Spanish state of Valencia split over public spending
As Greece continues to struggle to make cuts to make sure it gets help to deal with its debts, Spain's government is getting closer to asking for a bailout from Europe.
Valencia is a region which has requested one billion euros from the Spanish capital Madrid.
"It has amazing beaches and weather," says 25-year-old Sarah Waddingham as she sets up her sun lounger on La Malvarrosa beach in Valencia.
"It's my second time here but I'm staying on much longer."
She and her friend Lucy Ellen, 24, have both come from Leicester for a week's holiday in Spain's third largest city.
They're among the five million international tourists that arrive in the country every year.
Apart from the beaches, Valencia's also famed for its paella, oranges and its football teams, Valencia and Levante.
But infamously, it's known for its white elephants, expensive buildings that locals consider financially troublesome.
"You mean the modern bit," says Lucy. "I do think it's a great part of Valencia apart from the usual beaches."
That's principally the reason why these big modern buildings were built - to attract the world.
The City of Arts and Sciences (TCAS) is the one which gets most attention.
The white bleached structure is breath-taking in real life.
It stretches alongside the old Turia riverbed at more than eight kilometres long (five miles) and looms into the skyline.
TCAS includes an opera house, interactive science exhibit and the largest aquarium in Europe.
World-class no doubt, but the project cost four times its original budget at 1.1 billion euros (£866m).
Basically, that's more than half the 2 billion euros (£1.5bn) Valencia has requested from Madrid in a bailout plea.
For locals like Moises Querol, TCAS sums up everything that is wrong with Spain's regions.
"The local governments have too much money and want to be better than the other regions," he says.
"They've been overspending and it just doesn't give any value to the people."
Those feelings aren't hard to come by.
Street art on the walls in the old quarter shows police with batons attacking books and a family being weighed down by houses.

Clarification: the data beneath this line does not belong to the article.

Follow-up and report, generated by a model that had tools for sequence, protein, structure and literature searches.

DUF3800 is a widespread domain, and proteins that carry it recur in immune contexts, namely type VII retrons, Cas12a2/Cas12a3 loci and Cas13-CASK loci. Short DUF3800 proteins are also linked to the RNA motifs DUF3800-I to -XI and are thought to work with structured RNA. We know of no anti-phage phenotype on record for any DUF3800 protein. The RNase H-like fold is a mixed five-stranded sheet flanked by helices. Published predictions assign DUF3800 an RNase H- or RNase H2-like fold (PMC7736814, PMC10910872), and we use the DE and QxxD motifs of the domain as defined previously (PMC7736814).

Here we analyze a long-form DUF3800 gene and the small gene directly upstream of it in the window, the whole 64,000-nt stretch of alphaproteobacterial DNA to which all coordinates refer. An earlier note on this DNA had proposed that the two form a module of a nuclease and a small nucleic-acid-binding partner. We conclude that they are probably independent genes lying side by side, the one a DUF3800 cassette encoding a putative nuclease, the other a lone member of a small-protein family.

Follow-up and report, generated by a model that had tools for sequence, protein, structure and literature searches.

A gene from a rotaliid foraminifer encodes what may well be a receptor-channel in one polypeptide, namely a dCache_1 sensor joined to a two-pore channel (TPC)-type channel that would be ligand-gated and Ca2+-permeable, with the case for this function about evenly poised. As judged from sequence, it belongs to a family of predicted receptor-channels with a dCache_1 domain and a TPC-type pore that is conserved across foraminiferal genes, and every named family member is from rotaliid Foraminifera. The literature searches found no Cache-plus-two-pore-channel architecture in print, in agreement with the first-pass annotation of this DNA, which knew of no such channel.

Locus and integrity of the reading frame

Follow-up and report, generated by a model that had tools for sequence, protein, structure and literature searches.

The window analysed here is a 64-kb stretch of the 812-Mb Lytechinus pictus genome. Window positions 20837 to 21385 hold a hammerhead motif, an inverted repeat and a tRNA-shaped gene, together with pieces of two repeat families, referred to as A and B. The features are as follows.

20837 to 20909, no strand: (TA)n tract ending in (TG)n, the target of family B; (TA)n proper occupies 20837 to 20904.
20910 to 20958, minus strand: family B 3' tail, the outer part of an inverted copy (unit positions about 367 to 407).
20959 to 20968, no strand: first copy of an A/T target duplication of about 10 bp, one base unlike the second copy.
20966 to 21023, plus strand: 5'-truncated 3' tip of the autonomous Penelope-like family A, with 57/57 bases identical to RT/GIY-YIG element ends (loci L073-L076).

That symbolises the controversial cuts to education and the housing bubble burst which has left many struggling.
There have already been student protests in the street this year.
But tourist workers like Maria Jover think the criticism is unfair.
She works for Generalitat Valenciana and on a bike tour round the city, says tourism is vital to the region's survival.
"We can't just stop investing in the region," she says.
"TCAS was a long-term project we had to finish. It's brought in an increase of tourists.
"But more importantly, it's allowed us to have big sponsored events like the America's Cup and the Formula 1, which we're still hosting.
"A few years ago those same young people were feeling proud of our new buildings. I think it's normal in a financial crisis to be angry about what we have spent money on."
Valencia is not the only one of Spain's 17 autonomous communities with debt problems.
Facts about Valencia
- Provinces: Alicante, Castellón and Valencia
- Population 2 496 600
- 44.47 % women 55.53% men
- Main industries: Tourism and construction
- Rate of unemployment 24.73% in 2011 - 3.21 % above the national average
They all account to nearly half of public spending and their massive overspending has pushed the country's 2011 budget deficit over target.
The impact of overspending is obvious when you travel to other parts of the region.
Another so-called white elephant, Castellon Airport, which cost billions to make, has yet to see a commercial flight take off a year after it opened.
There's also Valencia Football Club. Construction of the 75,000-seat Nou Mestalla was stopped by financial constraints. The club says it has negotiated a new deal to complete the stadium in the next two years.
Lubza worked for the company that was originally delivering cement for its construction.
"It's sad, but like most things around Valencia these days, buildings are all half done," he says.